City of Chicago postpones St. Patrick's Day Weekend Parades as Part of Precautionary Measures Taken to Protect Health and Safety amid Coronavirus Concerns
City announces major St. Patrick’s Day parades will be moved to future dates as part of additional, precautionary measures to prevent further spread of Coronavirus Disease 2019
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CHICAGO – Mayor Lori E. Lightfoot, Governor JB Pritzker, and officials from the Chicago Department of Public Health (CDPH) and Office of Emergency Management and Communications (OEMC) today announced the City will postpone this weekend’s St. Patrick’s Day parades as a precautionary measure to prevent further spread of the Coronavirus Disease 2019 (COVID-19). The City will continue working with organizers from Chicago’s downtown, South Side, and Northwest Side parades, as well as the annual Dyeing of the Chicago River to reschedule these events to a later date and ensure the health and safety of Chicago’s residents and visitors.
The decision to postpone the official St. Patrick’s Day parade follows guidance and information from public health experts, including the Centers for Disease Control and Prevention (CDC), and counterparts in other jurisdictions experiencing similar impacts from COVID-19. The St. Patrick’s Day parades and associated activities present very unique circumstances for Chicago, drawing over a million attendees, many from outside of the city and across the country, and offering few opportunities for attendees to practice social distancing – a key recommendation by health experts to prevent the spread of COVID-19.
“The health and safety of Chicago’s residents will always be our highest priority and like many other cities across the nation and globe, we are postponing this year’s parade as a precautionary measure to prevent any additional spread of COVID-19,” said Mayor Lightfoot. “I want everyone to rest assured that your City and State continue to work around the clock to stay ahead of this issue and ensure everyone remains protected, informed, and safe.”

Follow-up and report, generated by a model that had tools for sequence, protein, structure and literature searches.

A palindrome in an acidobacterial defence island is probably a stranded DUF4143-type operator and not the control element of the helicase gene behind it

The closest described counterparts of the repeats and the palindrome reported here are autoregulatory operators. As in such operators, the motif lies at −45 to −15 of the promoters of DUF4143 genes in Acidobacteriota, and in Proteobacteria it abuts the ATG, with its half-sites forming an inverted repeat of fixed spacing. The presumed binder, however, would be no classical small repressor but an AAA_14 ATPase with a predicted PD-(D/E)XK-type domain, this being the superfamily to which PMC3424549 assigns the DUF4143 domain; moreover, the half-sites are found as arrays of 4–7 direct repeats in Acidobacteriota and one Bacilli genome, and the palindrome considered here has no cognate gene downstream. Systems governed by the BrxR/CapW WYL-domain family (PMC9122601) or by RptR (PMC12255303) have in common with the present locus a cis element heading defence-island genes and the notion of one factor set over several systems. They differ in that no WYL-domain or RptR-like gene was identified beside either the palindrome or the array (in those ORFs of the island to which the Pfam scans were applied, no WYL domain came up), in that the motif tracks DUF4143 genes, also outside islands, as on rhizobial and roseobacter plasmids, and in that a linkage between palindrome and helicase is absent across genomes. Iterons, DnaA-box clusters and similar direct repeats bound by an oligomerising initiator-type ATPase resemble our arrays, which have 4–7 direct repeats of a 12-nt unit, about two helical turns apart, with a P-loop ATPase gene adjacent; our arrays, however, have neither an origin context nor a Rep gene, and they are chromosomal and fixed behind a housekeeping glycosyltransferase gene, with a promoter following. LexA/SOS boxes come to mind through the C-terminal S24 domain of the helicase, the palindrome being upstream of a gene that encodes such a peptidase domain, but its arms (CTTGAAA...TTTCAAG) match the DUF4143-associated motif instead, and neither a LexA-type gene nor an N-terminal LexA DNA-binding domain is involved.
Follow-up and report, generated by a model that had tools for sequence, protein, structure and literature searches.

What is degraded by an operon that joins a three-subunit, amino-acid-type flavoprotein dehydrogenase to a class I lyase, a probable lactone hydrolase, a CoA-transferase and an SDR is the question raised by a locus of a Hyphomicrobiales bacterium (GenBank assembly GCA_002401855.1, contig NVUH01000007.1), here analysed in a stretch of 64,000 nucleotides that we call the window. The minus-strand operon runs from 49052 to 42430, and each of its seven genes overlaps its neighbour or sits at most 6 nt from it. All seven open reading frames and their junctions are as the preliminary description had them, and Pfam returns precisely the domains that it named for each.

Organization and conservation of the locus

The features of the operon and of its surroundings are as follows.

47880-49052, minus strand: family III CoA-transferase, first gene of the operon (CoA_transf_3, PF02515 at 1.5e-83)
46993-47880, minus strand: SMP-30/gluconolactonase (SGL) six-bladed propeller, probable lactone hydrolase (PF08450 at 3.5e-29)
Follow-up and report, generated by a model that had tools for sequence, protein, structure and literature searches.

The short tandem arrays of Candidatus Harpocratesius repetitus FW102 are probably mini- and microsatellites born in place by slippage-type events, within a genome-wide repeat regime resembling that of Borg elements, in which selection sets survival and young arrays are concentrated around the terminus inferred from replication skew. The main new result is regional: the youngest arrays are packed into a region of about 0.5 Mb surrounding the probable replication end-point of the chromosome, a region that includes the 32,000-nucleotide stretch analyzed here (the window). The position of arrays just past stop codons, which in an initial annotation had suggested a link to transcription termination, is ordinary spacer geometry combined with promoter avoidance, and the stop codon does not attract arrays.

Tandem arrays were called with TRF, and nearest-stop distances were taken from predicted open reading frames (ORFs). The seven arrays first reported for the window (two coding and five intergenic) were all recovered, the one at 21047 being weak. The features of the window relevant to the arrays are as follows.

As part of today’s measures, the City will continue to work with state and county agencies on an ongoing basis to review all future non-essential, large gatherings and provide recommendations to the appropriate parties as needed. As it relates to other large planned events, the City’s guidance and protocol for large events will be reviewed on an ongoing basis.
"We all know what the St. Patrick’s Day celebrations mean to us in the city of Chicago — but as elected leaders, we can’t take any chances with the health of our residents,” said Governor JB Pritzker. “Because of what we’ve seen nationally and across the world of the increased risk of large gatherings, this was the right call and I thank Mayor Lightfoot for her leadership in this difficult situation. Now that we’vereached the stage where we’re seeing regular new cases—reflecting additional spread within our communities—we have to make every effort to minimize further spread.”
For anyone celebrating St. Patrick Day this weekend, the City’s public health officials recommend practicing common sense health safety tips and social distancing, including: